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California and the West | CALIFORNIA ELECTIONS / U.S.
SENATE

2 Candidates Grapple With Education Issues

Politics: Campbell and Feinstein stray from their party lines on how to fix schools. They agree on need to reward teachers.

August 21, 2000|JOHN JOHNSON | TIMES STAFF WRITER

The Democratic pol is stumping for votes among the black political establishment in the San Gabriel Valley. Over lunch at the Sheraton hotel in Pomona, she rails against racism, profiteering oil companies and the growing wealth gap, all reliable Democratic issues.

But when it comes to schools, Sen. Dianne Feinstein doesn't sound much like a proud defender of the education establishment and its powerful unions.

If they want to see "how a big, troubled school district is turning itself around," she tells the Black American Political Assn., they ought to visit Chicago. That's where Mayor Richard Daley took over the schools and brought in an ironfisted manager who closed schools, extended the school day and ended social promotion.

"We have to learn from that example," she says.

Now hear Feinstein's Republican opponent, Rep. Tom Campbell, chatting with advisors in Palo Alto. He trots out a few conservative hobbyhorses: School vouchers should be tried, and the cost of mainstreaming special ed children is draining dollars from programs serving other children. "The federal government has never paid for" the program, he complains.

But he doesn't sound like a fire-breathing Republican when he insists that he would support public vouchers for private schools only if they don't take money from the public schools. And he openly worries that if the Feds left it to the states to deal with their disabled students, they would just warehouse them the way they did in the bad old days.

The Senate candidates' willingness to stray outside the conventional wisdom of their parties partly reflects their personalities. Campbell has taken a number of controversial positions, including his support of a program to give heroin to users. Feinstein also has shown a streak of independence, most notably when she left the Democratic fold to criticize President Clinton's behavior. But both also recognize that in 2000, education is not just another issue.

As a national consensus seems to be forming behind the idea that if education doesn't rebound, all other issues will be irrelevant, both candidates have abandoned the old broadsides.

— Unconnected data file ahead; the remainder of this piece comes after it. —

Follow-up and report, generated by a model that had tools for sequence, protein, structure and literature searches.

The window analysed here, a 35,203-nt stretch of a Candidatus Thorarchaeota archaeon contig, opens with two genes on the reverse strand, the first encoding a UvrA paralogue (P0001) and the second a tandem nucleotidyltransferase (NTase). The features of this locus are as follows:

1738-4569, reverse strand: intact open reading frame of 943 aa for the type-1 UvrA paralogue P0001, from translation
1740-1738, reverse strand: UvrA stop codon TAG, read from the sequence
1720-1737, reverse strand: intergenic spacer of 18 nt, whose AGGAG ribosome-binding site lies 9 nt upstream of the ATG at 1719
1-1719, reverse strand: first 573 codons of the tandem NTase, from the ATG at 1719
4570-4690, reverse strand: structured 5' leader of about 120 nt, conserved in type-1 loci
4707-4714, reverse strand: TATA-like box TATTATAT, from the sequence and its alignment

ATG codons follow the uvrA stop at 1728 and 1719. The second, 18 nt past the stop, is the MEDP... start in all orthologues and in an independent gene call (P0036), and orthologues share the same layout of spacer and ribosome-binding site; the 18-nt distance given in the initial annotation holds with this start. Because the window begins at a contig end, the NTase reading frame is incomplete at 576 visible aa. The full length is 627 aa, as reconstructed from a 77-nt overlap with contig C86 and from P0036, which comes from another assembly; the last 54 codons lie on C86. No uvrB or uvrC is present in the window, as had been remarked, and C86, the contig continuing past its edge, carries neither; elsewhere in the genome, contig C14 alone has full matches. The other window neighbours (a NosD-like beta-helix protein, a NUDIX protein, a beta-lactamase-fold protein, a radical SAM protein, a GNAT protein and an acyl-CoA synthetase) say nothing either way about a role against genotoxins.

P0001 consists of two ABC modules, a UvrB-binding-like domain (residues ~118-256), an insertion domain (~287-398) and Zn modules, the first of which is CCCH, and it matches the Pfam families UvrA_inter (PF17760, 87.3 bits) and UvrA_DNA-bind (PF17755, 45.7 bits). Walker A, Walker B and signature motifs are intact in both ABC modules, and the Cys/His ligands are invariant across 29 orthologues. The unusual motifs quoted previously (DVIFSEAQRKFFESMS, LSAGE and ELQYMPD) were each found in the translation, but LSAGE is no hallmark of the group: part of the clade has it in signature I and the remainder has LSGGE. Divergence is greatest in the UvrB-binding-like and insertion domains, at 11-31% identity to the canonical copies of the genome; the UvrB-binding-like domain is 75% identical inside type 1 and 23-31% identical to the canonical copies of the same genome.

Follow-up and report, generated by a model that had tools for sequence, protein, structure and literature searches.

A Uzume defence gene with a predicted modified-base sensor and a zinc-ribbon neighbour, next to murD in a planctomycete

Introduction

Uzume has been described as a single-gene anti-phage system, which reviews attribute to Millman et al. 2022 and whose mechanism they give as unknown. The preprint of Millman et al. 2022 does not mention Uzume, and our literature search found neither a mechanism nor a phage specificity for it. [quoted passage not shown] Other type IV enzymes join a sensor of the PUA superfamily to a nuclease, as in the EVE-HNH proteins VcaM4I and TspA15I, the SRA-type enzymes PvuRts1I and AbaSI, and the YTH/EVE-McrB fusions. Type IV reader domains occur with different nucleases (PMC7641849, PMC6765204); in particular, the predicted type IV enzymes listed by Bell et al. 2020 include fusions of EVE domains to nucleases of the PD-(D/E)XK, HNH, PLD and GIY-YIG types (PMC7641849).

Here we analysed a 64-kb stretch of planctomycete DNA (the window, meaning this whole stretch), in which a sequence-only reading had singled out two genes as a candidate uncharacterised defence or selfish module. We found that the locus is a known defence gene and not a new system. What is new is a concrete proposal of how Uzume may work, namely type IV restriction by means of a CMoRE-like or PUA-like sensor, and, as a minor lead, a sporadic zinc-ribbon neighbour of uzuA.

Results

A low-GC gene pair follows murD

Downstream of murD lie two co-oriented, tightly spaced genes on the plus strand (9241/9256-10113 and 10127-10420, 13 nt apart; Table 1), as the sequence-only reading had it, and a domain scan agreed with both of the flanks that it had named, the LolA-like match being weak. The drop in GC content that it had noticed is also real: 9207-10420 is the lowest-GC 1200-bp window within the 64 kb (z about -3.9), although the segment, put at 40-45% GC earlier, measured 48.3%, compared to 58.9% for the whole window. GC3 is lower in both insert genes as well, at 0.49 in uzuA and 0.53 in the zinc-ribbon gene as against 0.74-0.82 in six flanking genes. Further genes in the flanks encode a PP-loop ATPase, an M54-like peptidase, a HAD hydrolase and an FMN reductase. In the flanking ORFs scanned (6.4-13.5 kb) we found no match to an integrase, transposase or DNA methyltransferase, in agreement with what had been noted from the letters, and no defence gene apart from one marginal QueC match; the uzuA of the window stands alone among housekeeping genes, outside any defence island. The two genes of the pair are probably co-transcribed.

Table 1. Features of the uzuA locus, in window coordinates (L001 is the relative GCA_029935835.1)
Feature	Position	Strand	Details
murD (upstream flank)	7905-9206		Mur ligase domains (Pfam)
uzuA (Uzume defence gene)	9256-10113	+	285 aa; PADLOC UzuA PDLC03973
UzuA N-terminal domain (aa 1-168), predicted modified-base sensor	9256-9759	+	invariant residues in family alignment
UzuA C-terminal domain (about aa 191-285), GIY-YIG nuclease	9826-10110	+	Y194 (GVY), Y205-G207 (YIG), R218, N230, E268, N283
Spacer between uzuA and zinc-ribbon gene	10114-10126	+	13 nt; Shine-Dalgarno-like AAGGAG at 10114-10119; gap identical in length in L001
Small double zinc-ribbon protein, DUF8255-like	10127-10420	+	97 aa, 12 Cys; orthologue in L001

The magnitude of the problem facing the state is underscored by the size of the system. California educates 5.8 million students, more than the population of any one of 36 states. As many as 11% of the state's 285,000 teachers are teaching with emergency credentials.

Their students include 40% of the nation's immigrants; some schools cope with a student body that speaks multiple languages. And this overmatched system is facing a demographic bulge created by children of the baby boomers.

Both candidates are having trouble raising money in a campaign that has so far generated little excitement among voters. Feinstein has raised about $3 million, Campbell about $1.3 million. Donors are hanging back because Campbell has yet to prove he can make a strong run at the incumbent. Independent polls have shown him trailing by up to 26 points.

Because education is primarily a state and local matter, Feinstein said, she sees her role as using the "bully pulpit" of the state's highest-ranking federal office to push local decision makers toward effective reform.

The crisis in education hit home for her when a group of high-tech executives came to Washington a few years back pleading for immigration exemptions to hire foreign engineers, she said.

"Why don't you hire Americans?" Feinstein asked. "They can't read well enough," was the reply.

Today, 3,000 entry-level engineering jobs go begging. The tech world is so desperate, she said, that a friend's son got a Ferrari as a bonus when he hired on.

"I believe California's greatest challenge is to fundamentally reform our public schools so that these good-paying jobs go to California citizens and residents," she said in Pomona.

As a law professor at Stanford University, Campbell has seen close up the part of American education that is the envy of the world: a dynamic, competitive system of public and private universities. Finding ways to replicate that success in the lower grades is a key part of his campaign.

One of the hottest issues is the fight over Proposition 38, which would give $4,000 per year in state money to parents for every child they choose to send to private school. Feinstein opposes the measure because, she says, it carries the danger of mixing church and state by funding religious schools.

But she also said educators cannot afford to drag their heels on reform. "The harder it is to get real reform, the more impetus there is for vouchers," she said.

Campbell said he neither supports nor opposes the voucher initiative. He is sympathetic to the concept, but is concerned that it goes too far in making everyone eligible for vouchers. He favors an experimental program for students in the worst-performing schools.

"Provided that the receiving school doesn't invidiously discriminate, why shouldn't we see if this approach improves children's performance?" he asked.

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